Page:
To implement the new paradigm, the concept of “crime” must be completely severed from its statutory definitions and replaced with a simple test: If a crime has been committed, (a) Who committed it, (b) Who is the victim, and (c) What costs has the criminal invasion imposed upon the victim? If these three questions cannot be answered clearly and firmly, there will have been no crime committed.
The solution of what to do with a criminal who is not killed in process of the crime — a criminal who is captured alive or manages to escape, or must be hunted down — must be made as much as possible contingent on the accountable costs the criminal has imposed upon the victim. Instead of “rehabilitating” a criminal or “punishing” a criminal, the object must be to calculate as much as is humanly possible the costs that a criminal has imposed upon a victim (and the costs of apprehension and conviction as well), and extract as much value as possible from that criminal so that it may be used in compensation to the victim.
The object of “criminal justice” must be restricted to (a) augmenting the public’s first-line self-defense with additional lines of response, such as armed response to burglar alarms; (b) detective work to locate, identify, and capture those who have committed criminal invasions or thefts; and (c) a trial system to assure that those charged with an invasion or theft actually committed it, and upon proof beyond a reasonable doubt, to calculate the costs of that invasion and extract that cost from the criminal so that it may be used to compensate the victim. In the case where a criminal invasion has produced irreparable harm such as the death of a victim or victims, the murderer must be regarded as the property of the victim’s heirs, to dispose of as they wish, limited only by such mitigations that the precepts of society deem humane.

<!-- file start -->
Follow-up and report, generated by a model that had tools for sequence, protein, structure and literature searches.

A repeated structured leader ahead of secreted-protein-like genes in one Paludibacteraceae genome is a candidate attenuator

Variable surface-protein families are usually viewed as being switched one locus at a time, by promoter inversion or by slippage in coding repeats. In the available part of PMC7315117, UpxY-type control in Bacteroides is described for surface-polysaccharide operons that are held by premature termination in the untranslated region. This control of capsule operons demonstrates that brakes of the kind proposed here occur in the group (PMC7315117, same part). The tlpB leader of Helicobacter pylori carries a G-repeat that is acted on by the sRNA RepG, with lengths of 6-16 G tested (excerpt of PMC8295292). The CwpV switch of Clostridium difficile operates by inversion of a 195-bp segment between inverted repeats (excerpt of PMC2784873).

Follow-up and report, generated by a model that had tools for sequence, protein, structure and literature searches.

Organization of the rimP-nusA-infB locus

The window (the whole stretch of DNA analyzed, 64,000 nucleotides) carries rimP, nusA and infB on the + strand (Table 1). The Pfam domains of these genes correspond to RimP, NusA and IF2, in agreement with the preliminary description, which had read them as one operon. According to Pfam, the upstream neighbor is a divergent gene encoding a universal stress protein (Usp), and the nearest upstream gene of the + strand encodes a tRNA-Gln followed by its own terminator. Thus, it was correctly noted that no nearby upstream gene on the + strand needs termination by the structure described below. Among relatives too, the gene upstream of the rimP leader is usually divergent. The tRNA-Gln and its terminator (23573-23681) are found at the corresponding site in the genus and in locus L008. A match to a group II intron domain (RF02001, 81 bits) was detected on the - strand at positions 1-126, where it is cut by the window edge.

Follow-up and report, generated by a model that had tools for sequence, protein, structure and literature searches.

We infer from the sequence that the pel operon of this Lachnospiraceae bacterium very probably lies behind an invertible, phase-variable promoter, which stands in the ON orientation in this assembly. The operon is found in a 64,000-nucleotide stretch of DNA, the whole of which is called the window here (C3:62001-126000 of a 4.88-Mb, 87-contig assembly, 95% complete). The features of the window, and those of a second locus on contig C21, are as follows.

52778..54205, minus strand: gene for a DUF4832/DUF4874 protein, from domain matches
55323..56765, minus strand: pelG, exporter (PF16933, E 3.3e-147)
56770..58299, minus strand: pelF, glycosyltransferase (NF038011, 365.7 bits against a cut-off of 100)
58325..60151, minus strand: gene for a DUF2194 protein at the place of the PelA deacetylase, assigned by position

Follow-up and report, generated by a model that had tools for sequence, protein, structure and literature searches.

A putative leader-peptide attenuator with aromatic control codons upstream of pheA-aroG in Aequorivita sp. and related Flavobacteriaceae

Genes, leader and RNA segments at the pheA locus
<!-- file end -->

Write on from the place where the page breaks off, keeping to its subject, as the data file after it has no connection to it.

There can be no doubt that the current criminal justice system has failed. A proof of this failure is that each year the increased crime rate is used as an excuse to ask for more money and wider powers. This sort of reward for failure occurs only in the public sector; in the private sector, where competition is allowed, merchants who operate on this basis are driven out of business by customers going elsewhere and, if the failure is deliberate policy, the merchant indicted for fraud. They are not given more money and told to keep trying.
The question remains: do the American people have the courage and clarity of thought to identify the cause of the failure of the criminal justice system as its very design, and redesign the system so that it makes sense?
Next in Stopping Power — Why 70 Million Americans Own Guns is If Execution Is Just, What Is Justice?
Copyright © 1994, 1999 J. Neil Schulman &